• Greater learning ability and intelligence ...
To begin with, when light enters your eyes, it not only goes to your visual centers enabling you to see; it also goes to your brain's hypothalamus.
The hypothalamus is so important to the body's functioning that it is known as the brain's brain. This means that it controls the part of the nervous system regulating automatic and metabolic processes in the body. The hypothalamus controls body temperature, hunger and thirst, water balance and blood pressure. It links the nervous system to the endocrine system.
Additionally, it controls the body's master gland, the pituitary, which secretes many essential hormones. The hypothalamus initiates the body's stress response, affects our emotions and controls immune functions.
Significantly, our "body clock" is also housed in tiny centers located in the hypothalamus. Our body clock-controlled circadian rhythms are the 24 hour cycles of light and darkness.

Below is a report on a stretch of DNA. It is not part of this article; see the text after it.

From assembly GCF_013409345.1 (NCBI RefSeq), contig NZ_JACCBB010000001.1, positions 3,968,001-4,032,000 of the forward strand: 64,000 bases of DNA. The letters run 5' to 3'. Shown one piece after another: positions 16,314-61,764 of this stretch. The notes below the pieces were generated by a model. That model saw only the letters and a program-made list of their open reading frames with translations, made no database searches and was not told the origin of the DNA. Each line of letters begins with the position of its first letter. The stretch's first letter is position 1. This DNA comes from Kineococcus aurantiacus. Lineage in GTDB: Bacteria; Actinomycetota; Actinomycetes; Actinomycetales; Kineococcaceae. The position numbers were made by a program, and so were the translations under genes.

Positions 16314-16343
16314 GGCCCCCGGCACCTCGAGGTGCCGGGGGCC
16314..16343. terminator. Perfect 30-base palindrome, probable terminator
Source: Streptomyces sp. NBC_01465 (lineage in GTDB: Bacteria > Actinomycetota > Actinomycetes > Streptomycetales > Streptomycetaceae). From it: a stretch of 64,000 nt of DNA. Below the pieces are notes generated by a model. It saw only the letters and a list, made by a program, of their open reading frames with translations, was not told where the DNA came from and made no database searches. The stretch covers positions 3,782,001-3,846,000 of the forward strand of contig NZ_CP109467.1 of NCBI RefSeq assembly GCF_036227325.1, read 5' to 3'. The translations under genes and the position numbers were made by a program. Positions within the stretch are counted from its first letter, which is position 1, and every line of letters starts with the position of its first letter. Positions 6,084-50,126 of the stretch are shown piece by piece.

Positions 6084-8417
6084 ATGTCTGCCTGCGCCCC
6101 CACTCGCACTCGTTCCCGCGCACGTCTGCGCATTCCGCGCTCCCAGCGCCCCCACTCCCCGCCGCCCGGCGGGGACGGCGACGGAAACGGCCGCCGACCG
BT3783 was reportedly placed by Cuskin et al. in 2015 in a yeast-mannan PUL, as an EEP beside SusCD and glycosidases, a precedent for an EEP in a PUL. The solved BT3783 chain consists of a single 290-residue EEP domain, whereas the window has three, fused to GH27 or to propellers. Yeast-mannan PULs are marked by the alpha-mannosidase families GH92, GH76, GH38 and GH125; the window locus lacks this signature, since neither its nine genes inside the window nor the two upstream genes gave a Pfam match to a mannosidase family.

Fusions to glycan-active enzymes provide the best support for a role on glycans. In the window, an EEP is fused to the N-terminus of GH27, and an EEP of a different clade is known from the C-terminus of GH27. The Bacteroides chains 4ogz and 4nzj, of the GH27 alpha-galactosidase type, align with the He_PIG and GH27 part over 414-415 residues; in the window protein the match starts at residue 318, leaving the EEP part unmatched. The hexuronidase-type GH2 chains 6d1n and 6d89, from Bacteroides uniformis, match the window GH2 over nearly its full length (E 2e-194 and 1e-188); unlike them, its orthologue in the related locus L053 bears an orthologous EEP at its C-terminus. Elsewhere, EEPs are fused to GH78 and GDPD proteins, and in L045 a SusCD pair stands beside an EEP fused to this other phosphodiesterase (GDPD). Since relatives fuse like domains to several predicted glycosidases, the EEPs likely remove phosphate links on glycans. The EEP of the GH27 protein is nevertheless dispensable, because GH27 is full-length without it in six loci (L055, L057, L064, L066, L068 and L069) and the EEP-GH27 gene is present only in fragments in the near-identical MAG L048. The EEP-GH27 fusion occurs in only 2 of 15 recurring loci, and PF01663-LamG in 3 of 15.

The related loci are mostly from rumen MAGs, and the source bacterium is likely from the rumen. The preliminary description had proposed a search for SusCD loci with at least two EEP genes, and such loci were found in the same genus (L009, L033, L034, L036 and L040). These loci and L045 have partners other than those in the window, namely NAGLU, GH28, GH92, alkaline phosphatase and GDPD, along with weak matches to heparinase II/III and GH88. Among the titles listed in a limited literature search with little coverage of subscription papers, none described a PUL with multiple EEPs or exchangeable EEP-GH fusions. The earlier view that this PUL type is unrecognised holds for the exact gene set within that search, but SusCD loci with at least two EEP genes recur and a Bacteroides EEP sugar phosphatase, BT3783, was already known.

These light-sensitive rhythms are not an invention of modern society. They are biological constructs imposed upon us by Mother Nature.
Consequently, anything that disrupts these rhythms (like inadequate sunlight) has a far-reaching impact on our body's ability to function.
This explains why, since sunlight has been shown to be the most effective regulator of the body clock, it is also the quickest method of recovering from jet lag. (Or you can supplement sunlight with full spectrum lighting indoors.)
But it gets even more interesting. In 1998, scientists found that they could reset the body clocks of study subjects by shining bright lights onto the back of their knees. This demonstrates that areas of the skin are significantly affected by light, just like the retinas of our eyes. This led researchers to conclude that the body may have more than one body clock, although the eyes still seem to be the main route by which the circadian system senses light.
So why the anatomy lesson?
Well, the body clock control centers in the hypothalamus are also connected to the pineal gland, which is considered the body's light meter. The pineal gland secretes the important hormone melatonin.
Melatonin, the "hibernation hormone", increases with decreased light, which explains that tired feeling that comes on when it begins to get dark outside -- even if it is only 4 o'clock in the afternoon. And it also explains why decreased melatonin is found in those with insomnia (and why full spectrum light is beneficial for healthy sleep).